In Visiting the Minotaur, Claire Williamson?s inventive and intensely felt collection, the poet must enter a labyrinth of her own complicated family history, a history beset with secrets and lies, in order to come to terms with her own identity. She borrows from myths, histories, careful observations of nature, of city life, in order to fashion her artful meditations on experience and mortality.
A Picasso etching inspires the artful dislocations of the opening poem and foreshadows both the inherent violence and the formal beauty of the poems to follow. These contradictions repeat both in form and content throughout the book. The family, in ?My Mother and Brother as Horses? appear first of all, brutally transformed. Both suicides, their horse caricatures give the narrator of the poem a tragi-comic distance from their actions in life.
Every poem in the collection is about human relationships, this often gives them the intimacy of letters. The exceptions, such as the poem ?On Guernica?s 80th Anniversary? dedicated to Aleppo, Syria, also have this deft knack of intimacy, of being replete with tender observation and feeling. Of particular note are the poems inspired by the physical aspects of motherhood: labour, birth, breastfeeding, become another aspect of the author?s theatre of pain, blood, and love.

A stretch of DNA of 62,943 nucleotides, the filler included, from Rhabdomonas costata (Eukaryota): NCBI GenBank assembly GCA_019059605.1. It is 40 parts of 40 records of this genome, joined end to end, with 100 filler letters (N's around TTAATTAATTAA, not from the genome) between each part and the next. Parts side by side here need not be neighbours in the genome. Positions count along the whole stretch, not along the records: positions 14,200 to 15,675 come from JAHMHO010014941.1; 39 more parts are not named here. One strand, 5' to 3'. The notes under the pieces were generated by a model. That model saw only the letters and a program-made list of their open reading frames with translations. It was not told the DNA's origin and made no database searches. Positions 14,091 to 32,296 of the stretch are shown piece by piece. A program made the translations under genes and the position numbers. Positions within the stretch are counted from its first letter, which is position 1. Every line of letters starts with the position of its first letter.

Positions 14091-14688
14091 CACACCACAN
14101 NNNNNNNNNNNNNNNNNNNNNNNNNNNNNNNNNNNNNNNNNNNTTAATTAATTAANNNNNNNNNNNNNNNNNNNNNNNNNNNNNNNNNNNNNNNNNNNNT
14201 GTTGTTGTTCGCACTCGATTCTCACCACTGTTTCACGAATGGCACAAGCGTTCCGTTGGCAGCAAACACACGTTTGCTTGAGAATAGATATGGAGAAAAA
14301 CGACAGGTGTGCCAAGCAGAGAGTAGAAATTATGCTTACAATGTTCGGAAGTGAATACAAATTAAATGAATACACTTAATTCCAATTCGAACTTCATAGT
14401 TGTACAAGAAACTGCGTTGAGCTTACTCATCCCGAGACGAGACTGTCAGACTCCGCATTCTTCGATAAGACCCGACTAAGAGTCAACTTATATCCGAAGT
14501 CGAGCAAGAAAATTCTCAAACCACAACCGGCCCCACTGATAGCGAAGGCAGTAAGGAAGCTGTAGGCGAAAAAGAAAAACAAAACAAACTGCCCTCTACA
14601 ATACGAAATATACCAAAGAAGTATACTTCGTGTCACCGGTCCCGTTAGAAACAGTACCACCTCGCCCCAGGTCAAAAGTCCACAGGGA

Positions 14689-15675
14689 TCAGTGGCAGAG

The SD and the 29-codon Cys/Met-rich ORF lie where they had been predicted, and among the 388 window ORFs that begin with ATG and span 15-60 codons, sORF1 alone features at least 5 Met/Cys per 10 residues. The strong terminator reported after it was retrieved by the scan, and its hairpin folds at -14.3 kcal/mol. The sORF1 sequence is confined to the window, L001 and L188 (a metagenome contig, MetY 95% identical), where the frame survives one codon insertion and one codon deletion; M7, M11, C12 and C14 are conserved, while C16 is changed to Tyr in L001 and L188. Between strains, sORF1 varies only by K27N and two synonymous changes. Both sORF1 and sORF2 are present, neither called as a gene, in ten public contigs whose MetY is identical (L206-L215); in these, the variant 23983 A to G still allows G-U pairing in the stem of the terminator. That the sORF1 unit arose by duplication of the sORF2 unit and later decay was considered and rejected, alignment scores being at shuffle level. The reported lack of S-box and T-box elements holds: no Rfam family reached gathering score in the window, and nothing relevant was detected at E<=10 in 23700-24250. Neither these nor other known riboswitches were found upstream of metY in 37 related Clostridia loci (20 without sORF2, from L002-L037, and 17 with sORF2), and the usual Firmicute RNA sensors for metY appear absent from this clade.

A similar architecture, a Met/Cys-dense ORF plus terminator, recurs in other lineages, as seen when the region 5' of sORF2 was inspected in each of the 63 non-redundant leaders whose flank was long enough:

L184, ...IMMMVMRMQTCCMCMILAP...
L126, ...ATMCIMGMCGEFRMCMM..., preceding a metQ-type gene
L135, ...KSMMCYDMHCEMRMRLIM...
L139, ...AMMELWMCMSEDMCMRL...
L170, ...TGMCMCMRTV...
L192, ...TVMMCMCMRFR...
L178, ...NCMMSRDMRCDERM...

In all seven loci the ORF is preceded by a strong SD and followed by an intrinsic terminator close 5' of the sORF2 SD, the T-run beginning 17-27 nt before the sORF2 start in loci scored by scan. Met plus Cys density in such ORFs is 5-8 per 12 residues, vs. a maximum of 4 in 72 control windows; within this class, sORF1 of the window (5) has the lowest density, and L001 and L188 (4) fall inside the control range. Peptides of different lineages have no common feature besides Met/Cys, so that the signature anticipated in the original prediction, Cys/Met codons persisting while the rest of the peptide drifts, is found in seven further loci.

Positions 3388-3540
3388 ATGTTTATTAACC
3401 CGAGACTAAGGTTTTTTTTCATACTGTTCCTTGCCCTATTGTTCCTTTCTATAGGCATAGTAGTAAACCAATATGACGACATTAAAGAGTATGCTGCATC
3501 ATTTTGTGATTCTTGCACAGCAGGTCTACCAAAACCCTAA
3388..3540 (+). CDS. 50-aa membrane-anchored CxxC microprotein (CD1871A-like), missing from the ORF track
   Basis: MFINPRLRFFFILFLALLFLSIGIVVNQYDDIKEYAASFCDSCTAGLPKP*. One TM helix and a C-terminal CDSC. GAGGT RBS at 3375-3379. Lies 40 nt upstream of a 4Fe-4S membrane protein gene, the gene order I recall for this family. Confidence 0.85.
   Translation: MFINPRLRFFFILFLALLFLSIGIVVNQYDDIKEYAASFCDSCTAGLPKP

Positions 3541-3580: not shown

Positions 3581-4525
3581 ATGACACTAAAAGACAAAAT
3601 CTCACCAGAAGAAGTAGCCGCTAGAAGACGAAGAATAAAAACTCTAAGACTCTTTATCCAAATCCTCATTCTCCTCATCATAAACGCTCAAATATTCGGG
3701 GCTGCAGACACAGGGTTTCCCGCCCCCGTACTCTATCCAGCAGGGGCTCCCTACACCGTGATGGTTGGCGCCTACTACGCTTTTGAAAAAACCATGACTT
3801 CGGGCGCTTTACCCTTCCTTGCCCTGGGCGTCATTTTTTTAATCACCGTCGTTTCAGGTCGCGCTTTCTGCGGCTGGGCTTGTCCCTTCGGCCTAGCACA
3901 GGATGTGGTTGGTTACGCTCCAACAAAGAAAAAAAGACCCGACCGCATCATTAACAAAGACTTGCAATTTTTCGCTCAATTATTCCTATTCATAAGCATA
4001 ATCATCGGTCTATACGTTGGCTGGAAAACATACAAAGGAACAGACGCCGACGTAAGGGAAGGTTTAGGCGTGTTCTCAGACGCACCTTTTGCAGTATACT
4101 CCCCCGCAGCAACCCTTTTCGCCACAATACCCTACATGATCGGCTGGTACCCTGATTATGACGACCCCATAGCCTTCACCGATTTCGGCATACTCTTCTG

There are also poems of considerable tenderness and humour such as the sweetly unexpected poem ?Cows?, and ?Laika? about the first dog in space, not to mention: ?On Not Being Able To Write About A Dog Without Sounding Sentimental?. The way the author writes about her own vulnerable adolescent self is also key to what emerges as a quest: to find her way from a difficult past towards a more peaceful existence, a creative happiness, a home full of joy for her daughters.